Volume 44, Issue 3 - March 2009

Solar Insights

Protecting PV
Encapsulants in Photovoltaic Applications
by Christopher Reed

The growth of the photovoltaic (PV) industry in recent years has astounded even veterans of the original solar energy field. As PV has grown, so too have the technologies that generate clean energy from the sun. In the early years solar cells or “modules” were primarily based on crystalline silicon. Today there are polycrystalline modules (a variety of thin film technologies including amorphous silicon [a-Si]), cadmium telluride (CdTe), cadmium indium gallium selenide (CIGS) and various cell constructs including organic dyes and nano-technology.

Growth in the PV market has been significant in the last five years. Moreover, industry analysts estimate that overall PV production will increase nearly four times—from roughly 5 to 20 gigawatts—between 2005 and 2010. Since many of the modules produced for the PV market are comprised of laminated glass, this growth (much of which already has been realized) will lead to additional demand for raw materials and services from the glass industry.

As PV technology developers rapidly move to capitalize on new science and breakthroughs, a variety of specialty chemical companies have increased development and introduction of modified materials that have been available for years. This phenomenon is most evident in the encapsulant area of PV. Encapsulants fuse a module together while simultaneously protecting the module from the outside environment. Ensuring that a module “sticks” together and maintaining performance over its rated useful life are critical. Many encapsulants also are designed to enhance overall module performance. Encapsulant providers are beginning to focus on developing products that reduce total module costs. These products can improve everything from panel efficiency to processing time and overall manufacturing yield.

Encapsulant Varieties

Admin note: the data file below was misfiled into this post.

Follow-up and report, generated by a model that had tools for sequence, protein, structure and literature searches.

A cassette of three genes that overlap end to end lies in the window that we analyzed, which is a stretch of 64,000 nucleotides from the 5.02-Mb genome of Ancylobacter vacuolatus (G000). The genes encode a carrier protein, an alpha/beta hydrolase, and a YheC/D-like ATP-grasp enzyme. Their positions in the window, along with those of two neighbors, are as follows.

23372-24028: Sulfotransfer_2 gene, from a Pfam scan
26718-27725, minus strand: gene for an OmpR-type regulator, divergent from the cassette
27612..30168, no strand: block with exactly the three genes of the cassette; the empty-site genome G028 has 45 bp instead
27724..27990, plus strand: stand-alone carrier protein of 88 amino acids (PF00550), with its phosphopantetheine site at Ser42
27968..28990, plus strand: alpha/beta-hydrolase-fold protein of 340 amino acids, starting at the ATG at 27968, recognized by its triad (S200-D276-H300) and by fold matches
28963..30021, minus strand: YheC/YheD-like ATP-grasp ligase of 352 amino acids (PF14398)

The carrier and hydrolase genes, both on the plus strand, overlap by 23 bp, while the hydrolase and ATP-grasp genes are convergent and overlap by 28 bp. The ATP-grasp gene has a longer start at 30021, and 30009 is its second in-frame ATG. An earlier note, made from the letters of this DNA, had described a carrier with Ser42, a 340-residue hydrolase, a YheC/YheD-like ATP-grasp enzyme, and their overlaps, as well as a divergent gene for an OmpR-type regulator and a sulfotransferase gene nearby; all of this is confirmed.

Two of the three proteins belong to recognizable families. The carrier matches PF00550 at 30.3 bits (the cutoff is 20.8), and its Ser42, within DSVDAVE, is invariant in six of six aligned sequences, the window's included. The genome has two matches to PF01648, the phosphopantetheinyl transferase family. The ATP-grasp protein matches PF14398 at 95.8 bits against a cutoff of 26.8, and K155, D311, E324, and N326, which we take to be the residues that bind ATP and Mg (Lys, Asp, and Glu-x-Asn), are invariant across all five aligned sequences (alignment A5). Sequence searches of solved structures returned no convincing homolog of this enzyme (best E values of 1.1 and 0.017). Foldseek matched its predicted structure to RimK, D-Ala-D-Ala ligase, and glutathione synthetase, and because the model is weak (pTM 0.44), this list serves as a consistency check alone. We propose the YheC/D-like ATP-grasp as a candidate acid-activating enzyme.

There are a variety of encapsulants available for module designers. Many of these materials originally were developed for application in laminated windshields and laminated architectural glass. Ethylene vinyl acetate (EVA) has the longest history in the PV encapsulant market. EVA is typically provided as a copolymer based sheet. Since it has been in use in PV applications for several decades, EVA has an established track record regarding module stability. EVA still is used in crystalline modules today and is found in some thin film applications.

Polyvinyl butyral (PVB) recently has been used in certain segments of the PV market. PVB is typically provided to a module maker as a resin based sheet that can be trimmed to fit a given application. While it has been in use for decades in laminated glass applications, recent technology developments have made it a material of choice for certain PV module designs, including many thin film technologies. 

Changes in formulations over the last 20 years have made PVB an ideal fit for photovoltaic applications. The development of formulas with strong edge stability and chemical compatibility provide module designers with a material that improves both manufacturing processes as well as long-term module durability. High yield, cost-effective encapsulation processes used for decades in traditional PVB-glass lamination applications now are being used to encapsulate thin film amorphous modules, increasing throughput, which in turn drops the cost per watt produced. 

Encapsulants will continue to play a key role in the development of PV modules. Current and future innovation in formulations will lead to modules with longer useful lives and increased energy conversion efficiency. Co-development between encapsulant providers and innovative glass producers will lead to increased efficiency in producing and maintaining module constructs. Development in process technology will lead to more durable panels that are less expensive to make. These advances will result in reduced cost per watt for the module maker and end module user.

Christopher Reed is business director, photovoltaics, of Saflex, a unit of Solutia Inc. in St. Louis. Mr. Reed’s opinions are solely his own and not necessarily those of this magazine.

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